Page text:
-4 A new sensitivity to Arab issues and a desire to witness the spread of democratic values whose absence Davuto?lu saw as a key source of the region’s weakness. But Turkey nonetheless accepted existing rulers of the day as a reality.
-5 A “global” vision of Turkey’s place in the world that included a Eurasian dimension (close relations with Russia, China, the Shanghai Cooperation Organization, Central Asian states), expansion of interests and ties into Africa (especially Muslim Africa), and even early forays into Latin America. Turkey proclaimed its interest in preserving Islamic culture across the Muslim world and bolstering Islamic development.
-6 Ankara encouraged the spread of high-quality Turkish schools in over 100 countries under the aegis of Fethullah Gülen’s huge Islamic civic organization Hizmet (Service) whose vision openly championed building schools, not mosques, as the best way to advance the Muslim world as a whole. (Ironically, Erdo?an later came to feel threatened by the Islamic credentials and growing power of Hizmet, especially in its willingness to call out the AKP government on corruption issues; Erdo?an has since proceeded to demonize his former ally and conduct an hysterical and obsessive witch hunt against it.)
In short, Turkey saw itself as becoming a significant major player with a broad visionary foreign policy while its economy attained the position of number sixteen in the world, becoming a new international hub. Turkey was democratic, it removed the military from politics for the first time ever, had a powerful army that was part of NATO, all while bidding to meet EU criteria for membership. Most Muslim states would have given their eye teeth for accomplishments like this, especially when coupled with AKP’s confidence in being able to still say no to the US on key foreign policy issues.
Whatever new government emerges in Turkey, these milestones will almost surely persist. Turkey is never going back to being a “loyal American ally.” It will never again deny its Islamic identity (although it will likely downplay some of the Islamic rhetoric). It will not destroy the valuable international network of Hizmet schools. It will not reject the foundations of Turkey’s broad political, economic and cultural soft and hard power. Turkey will not cease to be the most important Muslim country in the world—without benefit of oil.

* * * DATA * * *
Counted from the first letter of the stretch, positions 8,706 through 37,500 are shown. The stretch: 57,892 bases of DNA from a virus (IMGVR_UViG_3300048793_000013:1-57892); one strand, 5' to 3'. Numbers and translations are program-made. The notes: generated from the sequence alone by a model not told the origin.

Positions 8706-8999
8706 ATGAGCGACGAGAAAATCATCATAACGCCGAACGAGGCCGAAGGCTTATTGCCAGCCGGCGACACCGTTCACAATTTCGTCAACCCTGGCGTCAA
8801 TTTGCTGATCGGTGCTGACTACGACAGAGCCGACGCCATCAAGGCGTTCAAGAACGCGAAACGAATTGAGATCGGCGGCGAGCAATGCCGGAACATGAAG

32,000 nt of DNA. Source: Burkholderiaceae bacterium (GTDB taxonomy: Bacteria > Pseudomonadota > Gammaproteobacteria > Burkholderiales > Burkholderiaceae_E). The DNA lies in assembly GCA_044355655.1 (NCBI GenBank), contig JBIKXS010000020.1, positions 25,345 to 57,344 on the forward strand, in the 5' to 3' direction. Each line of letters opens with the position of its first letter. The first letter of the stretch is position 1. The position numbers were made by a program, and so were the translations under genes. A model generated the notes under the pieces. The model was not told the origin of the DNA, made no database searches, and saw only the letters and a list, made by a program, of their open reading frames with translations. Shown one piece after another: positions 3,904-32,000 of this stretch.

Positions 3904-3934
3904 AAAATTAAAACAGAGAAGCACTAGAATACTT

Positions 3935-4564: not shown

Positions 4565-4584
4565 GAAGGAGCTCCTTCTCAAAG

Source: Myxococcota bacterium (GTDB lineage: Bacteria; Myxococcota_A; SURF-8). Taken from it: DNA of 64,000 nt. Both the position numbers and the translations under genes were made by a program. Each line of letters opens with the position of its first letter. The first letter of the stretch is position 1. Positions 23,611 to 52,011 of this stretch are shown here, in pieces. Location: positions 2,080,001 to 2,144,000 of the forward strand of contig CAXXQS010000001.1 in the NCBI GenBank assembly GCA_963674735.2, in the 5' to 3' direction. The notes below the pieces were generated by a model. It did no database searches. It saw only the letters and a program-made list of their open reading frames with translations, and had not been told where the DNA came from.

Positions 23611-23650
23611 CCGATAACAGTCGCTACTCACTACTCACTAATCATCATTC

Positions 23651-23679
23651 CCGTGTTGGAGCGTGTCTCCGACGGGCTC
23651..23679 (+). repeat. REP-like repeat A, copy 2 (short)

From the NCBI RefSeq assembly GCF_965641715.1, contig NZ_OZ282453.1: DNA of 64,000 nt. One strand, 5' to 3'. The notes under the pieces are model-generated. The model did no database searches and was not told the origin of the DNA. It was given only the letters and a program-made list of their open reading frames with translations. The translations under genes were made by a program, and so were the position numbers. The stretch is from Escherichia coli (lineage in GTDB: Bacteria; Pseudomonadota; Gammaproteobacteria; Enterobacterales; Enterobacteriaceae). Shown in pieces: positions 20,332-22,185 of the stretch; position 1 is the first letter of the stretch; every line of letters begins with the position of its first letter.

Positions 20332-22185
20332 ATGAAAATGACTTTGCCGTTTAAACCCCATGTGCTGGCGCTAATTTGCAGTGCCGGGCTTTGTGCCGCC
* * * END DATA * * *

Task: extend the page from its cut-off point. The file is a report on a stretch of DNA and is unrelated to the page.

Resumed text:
But then Turkey’s foreign policy went off the rails with the roller coaster events of the Arab Spring. (So did America’s). It could not decide whether to deal with existing realities, or to push for democratic change that would alienate authoritarian rulers. Erdo?an’s personal prestige got particularly caught up in overthrowing Asad in Syria at all cost, a massive mistake. A new government will likely walk back from that blunder. A new government will also be less sympathetic to the Muslim Brotherhood (but will not condemn it.) It will work with Iran as a vitally important neighbor. It will not give up its Eurasian (Russian, Chinese) ties. It will maintain its strategic independence from Washington.
So we should welcome the curtailing of much of Erdo?an’s new and dangerous megalomania and personal ambitions. But don’t expect any new government to introduce dramatic changes in foreign policy either.
Graham E. Fuller is a former senior CIA official, author of numerous books on the Muslim World; his latest book is “Breaking Faith: A novel of espionage and an American’s crisis of conscience in Pakistan.” (Amazon, Kindle) grahamefuller.com. This article was first published by Graham E. Fuller and was reprinted here with permission. Copyright Graham E. Fuller.